Girres Receives Special Statewide Honors
GRAETTINGER – It’s been quite the year for Michael Girres of Graettinger.
The 5’11” 200-pound son of Doug and Staci Girres led the Graettinger-Terril/Ruthven-Ayrshire Titans into the playoffs, earned Iowa Newspaper Association All State Honors as well as All District Honors.
At the beginning of the year, Girres was selected to play on the North Squad for the 2016 Iowa Shrine All Star Football Game in July.
But in the last week, Girres was voted as the Eight-Man Player of the Year by the Iowa Football Coaches Association.
To top it off, Girres has also signed a National Letter of Intent to continue his football career after graduation at the University of South Dakota in Vermillion, SD.
So how does one earn the honor of Eight-Man Player of the Year, among his other honors?
It’s through hard work, determination and a love of the game.
After suffering an injury in the final playoff game of the 2014 season, Girres missed the basketball season, but worked on rehabbing in order to compete in track and field in 2015. A stint on the diamond over the summer served as a warm up for the football season in 2015, and when the first kickoff opened the season, Girres was on his way.
As the senior quarterback for Coach Todd Hough’s Titans, Girres became the focus of every team’s defense through the season, due to the multi-faceted threat he posed on the field.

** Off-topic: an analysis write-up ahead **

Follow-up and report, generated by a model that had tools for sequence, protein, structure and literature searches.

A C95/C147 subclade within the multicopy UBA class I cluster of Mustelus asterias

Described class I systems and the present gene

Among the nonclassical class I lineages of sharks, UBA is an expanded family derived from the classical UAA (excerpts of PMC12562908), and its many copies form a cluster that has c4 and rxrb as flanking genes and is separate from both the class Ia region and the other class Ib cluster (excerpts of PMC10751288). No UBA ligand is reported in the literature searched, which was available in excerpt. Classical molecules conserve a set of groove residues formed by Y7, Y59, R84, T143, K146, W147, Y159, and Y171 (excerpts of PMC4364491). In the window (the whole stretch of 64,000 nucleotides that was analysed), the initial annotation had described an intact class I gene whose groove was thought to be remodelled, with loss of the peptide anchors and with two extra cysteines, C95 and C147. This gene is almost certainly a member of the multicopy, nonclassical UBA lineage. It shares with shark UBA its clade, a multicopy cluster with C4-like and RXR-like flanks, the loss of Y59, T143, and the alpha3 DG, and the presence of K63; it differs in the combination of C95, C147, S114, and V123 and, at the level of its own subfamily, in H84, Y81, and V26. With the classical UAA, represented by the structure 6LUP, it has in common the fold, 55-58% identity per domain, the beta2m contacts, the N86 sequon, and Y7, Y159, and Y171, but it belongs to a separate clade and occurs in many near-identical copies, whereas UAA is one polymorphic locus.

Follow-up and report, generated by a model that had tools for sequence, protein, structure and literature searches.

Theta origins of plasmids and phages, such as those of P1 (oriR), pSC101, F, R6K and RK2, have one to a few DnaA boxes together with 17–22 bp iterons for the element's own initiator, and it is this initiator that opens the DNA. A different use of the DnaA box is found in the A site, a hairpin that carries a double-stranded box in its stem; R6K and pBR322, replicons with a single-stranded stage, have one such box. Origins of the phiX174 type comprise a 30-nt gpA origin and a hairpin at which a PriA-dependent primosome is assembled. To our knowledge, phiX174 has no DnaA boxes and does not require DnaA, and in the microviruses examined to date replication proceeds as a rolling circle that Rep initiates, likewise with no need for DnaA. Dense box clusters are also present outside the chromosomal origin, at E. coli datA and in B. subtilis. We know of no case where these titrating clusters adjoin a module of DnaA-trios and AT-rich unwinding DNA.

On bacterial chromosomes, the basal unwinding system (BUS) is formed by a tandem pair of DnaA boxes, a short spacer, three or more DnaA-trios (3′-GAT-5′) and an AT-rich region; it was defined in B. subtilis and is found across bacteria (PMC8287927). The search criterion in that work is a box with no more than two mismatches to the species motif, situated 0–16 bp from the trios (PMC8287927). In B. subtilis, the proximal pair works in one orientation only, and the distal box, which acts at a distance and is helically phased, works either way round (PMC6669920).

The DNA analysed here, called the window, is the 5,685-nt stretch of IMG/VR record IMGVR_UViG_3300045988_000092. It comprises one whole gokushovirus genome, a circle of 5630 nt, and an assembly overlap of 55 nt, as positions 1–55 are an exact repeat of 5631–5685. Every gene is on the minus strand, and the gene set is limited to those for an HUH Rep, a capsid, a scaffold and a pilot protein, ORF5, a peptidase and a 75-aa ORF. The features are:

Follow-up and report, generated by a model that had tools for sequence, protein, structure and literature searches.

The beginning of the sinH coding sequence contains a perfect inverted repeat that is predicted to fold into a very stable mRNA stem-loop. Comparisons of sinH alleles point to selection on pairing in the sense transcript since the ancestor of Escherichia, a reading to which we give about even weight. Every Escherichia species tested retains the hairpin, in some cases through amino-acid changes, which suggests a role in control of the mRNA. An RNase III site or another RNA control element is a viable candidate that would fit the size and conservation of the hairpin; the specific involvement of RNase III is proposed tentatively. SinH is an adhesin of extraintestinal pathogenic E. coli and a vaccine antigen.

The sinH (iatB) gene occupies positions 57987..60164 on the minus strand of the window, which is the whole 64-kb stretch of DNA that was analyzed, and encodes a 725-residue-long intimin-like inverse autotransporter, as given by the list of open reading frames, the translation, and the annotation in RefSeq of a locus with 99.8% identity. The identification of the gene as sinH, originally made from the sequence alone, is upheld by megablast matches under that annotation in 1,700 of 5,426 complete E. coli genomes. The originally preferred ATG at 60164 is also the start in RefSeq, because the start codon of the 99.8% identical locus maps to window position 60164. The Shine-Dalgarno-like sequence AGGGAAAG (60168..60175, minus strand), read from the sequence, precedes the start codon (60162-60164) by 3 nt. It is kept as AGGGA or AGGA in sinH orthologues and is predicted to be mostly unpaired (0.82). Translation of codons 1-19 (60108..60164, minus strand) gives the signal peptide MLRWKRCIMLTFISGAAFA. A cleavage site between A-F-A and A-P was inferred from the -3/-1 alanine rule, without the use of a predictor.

Girres attempted 77 passes during the season and completed 45 throws to tally 723 yards and 11 touchdowns with just three interceptions. That gave Girres an average completion of 16.1 yards per pass.
But it was with his legs that Girres made his statement on the gridiron. Rushing the ball, Girres carried the pigskin 235 times during the season, and racked up 2,055 yards, an average of 8.7 yards per carry. He would go on to score 37 touchdowns, with his longest scoring run being a 65-yard jaunt.
Showing his versatility, Girres would catch three passes for a total of 94 yards, an average of 31.3 yards per catch, and scored two touchdowns off those catches, including a 45-yard catch for a score.
All told on offense, Michael would tally a total of 222 points through rushing and 12 points from pass receptions, as well as scoring 22 points off of two-point conversions attempts. And, Girres also scored 36 points off punt returns and returns of kickoffs during the season.